• What about in Leviticus where it says man shall not lie with another man and if so he shall be put to death?????? The bible is clear on this. So dont cover up the truth of what Jesus told Moses in Leviticus. That is the chapter that says marriage is between a man and a woman and not any other way. Why did God make man and woman and not man and man or woman and woman. People today tend to interpret the Bible like they think it should fit their particular situation. That was not the purpose of the Bible. The Bible is Gods word. So lets dont use Gods words to make it a convenience for your or our life styles that we live. David i commend you on your efforts especially you being a straight man, but you have to realize what other chapters in the Bible clearly state the words of GOD on this topic.

      • Samuel, I doubt that anything I say can convince you otherwise, but I will offer a quick response.
        (1) Most likely the verses in Leviticus that condemn a man lying with another man have to do EITHER with a victorious male soldier raping a vanquished male soldier on the battlefield — a practice common in ancient war OR with a male temple-goer having sex with a male prostitute after making a sacrifice in a pagan temple. The ancient Israelites were well aware of both practices and had reasons to condemn them.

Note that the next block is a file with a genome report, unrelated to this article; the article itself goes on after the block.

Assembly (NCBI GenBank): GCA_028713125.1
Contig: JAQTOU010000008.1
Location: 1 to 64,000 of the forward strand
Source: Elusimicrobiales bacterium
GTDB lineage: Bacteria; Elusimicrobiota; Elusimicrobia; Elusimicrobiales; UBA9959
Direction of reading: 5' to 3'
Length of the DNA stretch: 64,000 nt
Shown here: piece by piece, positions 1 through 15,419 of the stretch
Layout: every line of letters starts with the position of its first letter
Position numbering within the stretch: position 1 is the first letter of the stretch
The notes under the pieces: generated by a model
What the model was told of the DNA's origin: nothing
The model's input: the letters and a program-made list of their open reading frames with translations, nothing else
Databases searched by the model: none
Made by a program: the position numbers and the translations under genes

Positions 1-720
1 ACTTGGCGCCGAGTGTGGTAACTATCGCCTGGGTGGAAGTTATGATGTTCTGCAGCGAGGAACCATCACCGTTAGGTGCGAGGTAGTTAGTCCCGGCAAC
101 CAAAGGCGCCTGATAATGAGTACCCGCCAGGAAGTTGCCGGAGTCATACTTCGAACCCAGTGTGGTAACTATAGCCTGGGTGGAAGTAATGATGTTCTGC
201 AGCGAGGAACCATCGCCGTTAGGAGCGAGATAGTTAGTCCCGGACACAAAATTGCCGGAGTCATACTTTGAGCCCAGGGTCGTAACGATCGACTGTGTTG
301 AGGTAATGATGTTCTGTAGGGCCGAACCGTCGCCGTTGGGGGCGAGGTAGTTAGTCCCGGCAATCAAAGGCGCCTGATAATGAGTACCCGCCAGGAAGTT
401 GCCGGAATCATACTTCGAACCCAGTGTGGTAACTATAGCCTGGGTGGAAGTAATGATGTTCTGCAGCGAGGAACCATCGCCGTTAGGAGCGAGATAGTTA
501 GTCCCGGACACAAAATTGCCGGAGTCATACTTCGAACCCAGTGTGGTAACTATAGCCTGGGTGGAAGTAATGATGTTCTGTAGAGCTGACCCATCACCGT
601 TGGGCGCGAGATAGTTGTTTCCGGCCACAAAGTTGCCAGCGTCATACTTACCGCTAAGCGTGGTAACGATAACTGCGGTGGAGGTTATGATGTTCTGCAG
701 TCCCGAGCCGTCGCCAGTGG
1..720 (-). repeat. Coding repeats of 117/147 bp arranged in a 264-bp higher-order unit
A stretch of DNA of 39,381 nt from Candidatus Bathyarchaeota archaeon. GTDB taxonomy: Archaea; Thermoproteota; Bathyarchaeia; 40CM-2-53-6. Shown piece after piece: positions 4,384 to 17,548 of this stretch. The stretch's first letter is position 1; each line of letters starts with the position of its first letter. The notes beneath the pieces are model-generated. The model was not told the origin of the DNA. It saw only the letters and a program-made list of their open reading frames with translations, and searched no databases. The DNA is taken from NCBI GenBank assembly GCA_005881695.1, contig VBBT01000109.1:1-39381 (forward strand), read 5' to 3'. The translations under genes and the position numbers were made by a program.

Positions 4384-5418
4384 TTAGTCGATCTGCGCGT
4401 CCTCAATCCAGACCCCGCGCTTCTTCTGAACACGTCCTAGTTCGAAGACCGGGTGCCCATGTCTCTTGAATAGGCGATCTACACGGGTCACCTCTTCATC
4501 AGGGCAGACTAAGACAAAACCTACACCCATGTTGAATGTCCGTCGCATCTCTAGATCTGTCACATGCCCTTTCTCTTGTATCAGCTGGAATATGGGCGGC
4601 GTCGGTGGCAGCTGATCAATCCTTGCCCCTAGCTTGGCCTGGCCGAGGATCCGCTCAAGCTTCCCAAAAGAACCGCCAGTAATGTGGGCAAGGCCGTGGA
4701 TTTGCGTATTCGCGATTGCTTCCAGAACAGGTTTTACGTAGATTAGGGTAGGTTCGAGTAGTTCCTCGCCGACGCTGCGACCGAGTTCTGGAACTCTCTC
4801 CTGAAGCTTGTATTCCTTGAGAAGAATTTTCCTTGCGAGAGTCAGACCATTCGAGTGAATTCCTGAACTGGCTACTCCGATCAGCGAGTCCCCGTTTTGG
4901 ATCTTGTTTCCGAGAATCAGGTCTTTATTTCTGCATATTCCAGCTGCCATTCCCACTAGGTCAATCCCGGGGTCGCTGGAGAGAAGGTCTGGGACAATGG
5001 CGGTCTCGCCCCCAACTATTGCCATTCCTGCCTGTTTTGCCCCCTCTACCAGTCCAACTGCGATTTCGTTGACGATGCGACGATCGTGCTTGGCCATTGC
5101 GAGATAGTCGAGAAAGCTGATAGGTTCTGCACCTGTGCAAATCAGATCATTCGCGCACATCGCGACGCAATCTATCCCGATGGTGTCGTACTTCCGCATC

(2) To claim that these verses condemn the committed love between two men or two women today is to do exactly what you warn against: it is “to interpret the Bible like [you] think it should to fit [your] particular situation.” For years the Bible was used to support both racism and sexism, because people in power (white and male) could do so. Today, straight people still tend to read the Bible as condemning homosexuality … because they can.
        (3) God made people FOR LOVE. Period. Almost all of us are right-handed, but it isn’t sinful to be left-handed. Almost all of us are straight, but it isn’t sinful to be gay. We’re called by God to LOVE. Period. You’re right, the Bible isn’t meant to be convenient. It also isn’t meant to reinforce prejudice, but far too often that’s how it is “conveniently” used. It’s meant to call us to love. If straight people love, that’s great. If right-handed people love, that’s great. If left-handed people love, that’s great. And if gay people love, that’s great, too.
        (4) Some of Jesus harshest words are aimed at people who use the Bible to oppress others. In Matthew 12:7 he says to the Pharisees, “If you had known what this means, ‘I (God) desire mercy, and not sacrifice,’ you would not have condemned the guiltless.” In Matthew 23, he condemns the Pharisees for “binding heavy burdens” on others that they don’t bear themselves, for making “the kingdom of heaven” impossible to reach because they “tithe mint and dill and cummin” (focus on the details) but “neglect justice and mercy.”
        (5) The story of God in the Bible is the story of a God who AGAIN AND AGAIN AND AGAIN loves people who seem inconvenient to our lifestyles, by which we would prefer everyone to be just like us. I don’t read the Bible for my convenience. I read it as a call to love everyone and to honor everyone who loves faithfully. That’s not particularly convenient for me. But it is what the Bible asks me to do.